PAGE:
It’s a common mistake that more people make than will admit to perhaps. Of course the mistake is not seeing our dentists regularly enough. But if this happens there’s more at risk sometimes than just the beauty of a smile. Many health professionals believe that regular visits to a dentist can help to prevent some health problems in the future and may also be able to help in early detection of conditions such as osteoporosis and diabetes. The theories involve relationships between the health of your teeth and gums and that of other areas of the body. Though much of the proposed links are still theoretical there may also be serious causal connections between undeterred decay and gum disease and other health problems such as heart disease.
The proposed relationships between dental problems and problems outside of the teeth and gums may be a wake up call to those who have neglected their dental health. Good news may follow this though if people take the proper steps to stop the trend of neglect. Of course the first step is the tough one if avoiding the dentist is the greatest cause of the lapse in dentist visits as opposed to other reasons like lack of insurance. No one can say that the first dentist visit after a long period without cleanings or other needed dental work is a pleasant experience but these days there are options that might make it less painful or stressful. Options such as sedation dentistry can help patients to whom the sound of dental instruments or the pain of some of the procedures required in a deep cleaning are intolerable.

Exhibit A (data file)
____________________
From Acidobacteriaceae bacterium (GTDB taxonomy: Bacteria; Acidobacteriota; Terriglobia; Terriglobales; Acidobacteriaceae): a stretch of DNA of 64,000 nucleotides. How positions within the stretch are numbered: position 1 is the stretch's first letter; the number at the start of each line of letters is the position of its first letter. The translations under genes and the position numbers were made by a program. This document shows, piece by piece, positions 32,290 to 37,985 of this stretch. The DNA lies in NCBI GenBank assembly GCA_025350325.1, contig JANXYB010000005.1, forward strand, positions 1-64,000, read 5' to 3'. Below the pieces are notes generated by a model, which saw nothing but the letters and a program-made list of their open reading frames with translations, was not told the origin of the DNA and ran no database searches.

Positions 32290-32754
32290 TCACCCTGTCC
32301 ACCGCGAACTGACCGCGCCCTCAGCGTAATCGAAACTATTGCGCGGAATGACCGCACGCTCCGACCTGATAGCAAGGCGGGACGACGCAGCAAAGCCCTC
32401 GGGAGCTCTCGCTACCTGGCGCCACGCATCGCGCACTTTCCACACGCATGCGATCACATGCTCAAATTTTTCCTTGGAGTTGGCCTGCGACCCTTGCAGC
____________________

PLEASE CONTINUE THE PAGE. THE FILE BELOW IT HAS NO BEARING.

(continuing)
Once the hard part is over and the results of the dental examination are in the next step is to follow up with the primary care physician regarding any feedback from the dentist which might signal health problems. Also the changes that are made after that dentist visit are crucial. The steps we follow each day with regard to the care of our teeth and gums are more habit than some people may realize. Habits being so hard to break at times, it is important to make a concerted effort to develop new ones, a thorough cleaning each morning for example. These days the bathroom counter can be cluttered with a good deal more dental-care tools than just an old fashioned toothbrush. And some believe that the tools make all the difference where cleaning teeth each day is concerned. Options such as a water jet, spinning head toothbrush, tongue scraper, and extra soft floss may make some of the work easier and more effective. And this is where, if the theories about bacteria in mouths being a causal element in some types of heart disease are correct, risks of future health problems can possibly be reduced. The new daily care routine and regular visits to the dentist could prove to be a step toward greatly improved health for the whole body, not just the teeth.